That all said, I think the Grayling position is mistaken. Of course, everyone has the right to control who comes into their home. On the other hand, if you set up a commercial enterprise then (on my non-libertarian view) society can insist that you meet certain social responsibilities as a condition of running the enterprise, and these can and should include requirements to avoid discrimination. Is this a burden on the conscience of, say, Christian homeowners who don't want to let gay men get up to sinful naughtiness under their blessed roof? No, because no one is forcing the Christians to use their home as a commercial enterprise....

In short, the reply to Grayling is: If Christians (or anyone else) want to discriminate about who enters their home, then that's fine, but if they choose to use the home as a B&B then they must accept the social responsibilities that come with this, and these include responsibilities not to discriminate on grounds of sexual orientation.

And I'd say something similar to religious groups acting as employers.

Anonymous said...

@Stuart - don't you think your division between religious faith and 'social responsibilities' is a little, well, facile. I mean, most Christians believe what they believe because they think it consistent with the way that God would wish them, and society, to live - could they not just as easily reply 'well, this is very much part of our social responsibilities, actually'...?

What you're actually saying is 'accept the social responsibilities as defined exclusively by the secular state, and by no greater authority than this'. In which case, to say you're a 'non-libertarian' is a tad modest of you...

Devil's Kitchen said...

"They will surely find that they have very little support in seeking to overturn the settled consensus against discrimination."

Erm... What?

Look, we don't support discrimination. We do support freedom of association. These are two entirely different things.

Speaking personally, I would boycott any shop, B&B, hotel, etc. that refused to serve blacks, gays or whoever, but that is my right as an individual.

But are you telling me that a business owner should have no say in who they serve?

If so, you are utterly repudiating free markets—in which both buyer and seller must do so voluntarily—and freedom of association.

I am not even going to bother pointing out what kind of regimes also support that position.


Unknown said...

DK, presumably you also oppose consumer rights legislation? Health and safety inspections? Child labour laws?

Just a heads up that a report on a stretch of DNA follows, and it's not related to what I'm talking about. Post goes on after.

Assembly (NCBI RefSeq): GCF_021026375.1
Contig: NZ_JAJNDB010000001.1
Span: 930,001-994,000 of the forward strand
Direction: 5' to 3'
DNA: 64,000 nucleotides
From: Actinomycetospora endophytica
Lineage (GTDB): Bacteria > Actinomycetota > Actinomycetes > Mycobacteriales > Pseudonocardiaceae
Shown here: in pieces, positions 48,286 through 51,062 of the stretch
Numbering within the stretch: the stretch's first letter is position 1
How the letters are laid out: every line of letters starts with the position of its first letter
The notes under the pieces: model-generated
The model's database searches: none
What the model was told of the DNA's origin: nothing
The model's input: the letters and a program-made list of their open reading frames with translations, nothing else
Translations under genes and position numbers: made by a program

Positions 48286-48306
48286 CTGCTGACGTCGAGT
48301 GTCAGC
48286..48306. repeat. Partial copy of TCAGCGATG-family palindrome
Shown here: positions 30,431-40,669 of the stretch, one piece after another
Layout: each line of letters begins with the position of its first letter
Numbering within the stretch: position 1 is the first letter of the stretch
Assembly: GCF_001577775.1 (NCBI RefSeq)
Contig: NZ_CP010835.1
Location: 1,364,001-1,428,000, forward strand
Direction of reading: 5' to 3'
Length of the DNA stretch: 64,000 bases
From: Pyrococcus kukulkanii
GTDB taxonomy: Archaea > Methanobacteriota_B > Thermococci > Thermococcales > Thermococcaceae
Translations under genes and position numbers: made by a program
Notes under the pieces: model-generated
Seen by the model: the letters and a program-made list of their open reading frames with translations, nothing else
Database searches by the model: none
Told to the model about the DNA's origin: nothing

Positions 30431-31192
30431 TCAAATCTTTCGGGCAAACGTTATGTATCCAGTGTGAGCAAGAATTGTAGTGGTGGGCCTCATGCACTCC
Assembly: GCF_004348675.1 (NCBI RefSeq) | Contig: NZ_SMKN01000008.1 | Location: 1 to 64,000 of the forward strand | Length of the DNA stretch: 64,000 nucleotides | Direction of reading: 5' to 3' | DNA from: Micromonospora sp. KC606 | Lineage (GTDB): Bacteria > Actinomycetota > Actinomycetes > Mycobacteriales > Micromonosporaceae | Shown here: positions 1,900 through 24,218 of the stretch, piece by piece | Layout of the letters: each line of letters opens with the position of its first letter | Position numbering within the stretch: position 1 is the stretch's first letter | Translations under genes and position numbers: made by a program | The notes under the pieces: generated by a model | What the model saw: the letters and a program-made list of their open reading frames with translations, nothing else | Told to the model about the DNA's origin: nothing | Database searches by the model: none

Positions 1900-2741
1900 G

Good luck with that on the doorstep!

Sunder Katwala said...


Thanks for your response.

Yes, I am arguing that the core principle which Powell argued in 1968 - that not having first/second class citizens depended only on the public authorities not discriminating, but that they have no business in the choices which are made by private citizens or organisations, or whatever reasons lie behind them - was pretty much settled in the late 1960s and '70s.

That principle would oppose eg disenfranchisement on grounds of race, or legislation to enforce apartheid-style segregation, but would allow individuals to offer a 'no Irish' or 'no gays' sign or tacit policy, and have no business in issues like discrimination against women candidates who could show they were best qualified for jobs. While the issue of where to draw these lines remains contested, the idea that the line itself is an offence against liberty which turns us into an authoritarian dictatorship is one where you are failing to carry the opinion of our democratic society.

I appreciate that there is a minority view. One can be in favour of the widespread use of markets without agreeing with your view of what free markets must entail. For example, I do not accept that the minimum wage (which could addresses a power inequality in employer-employee relations) means the utter destruction of a jobs market. I imagine you oppose it; again, I think you will now struggle to find sufficient support to overturn it.

If you can do any of get, say, a couple of million people to sign a petition calling for the abolition of the minimum wage; win parliamentary seats by running on this issue; or provide polling evidence showing majorities would repeal the race, gender discrimination laws, etc then I will withdraw the claim about this being a minority position.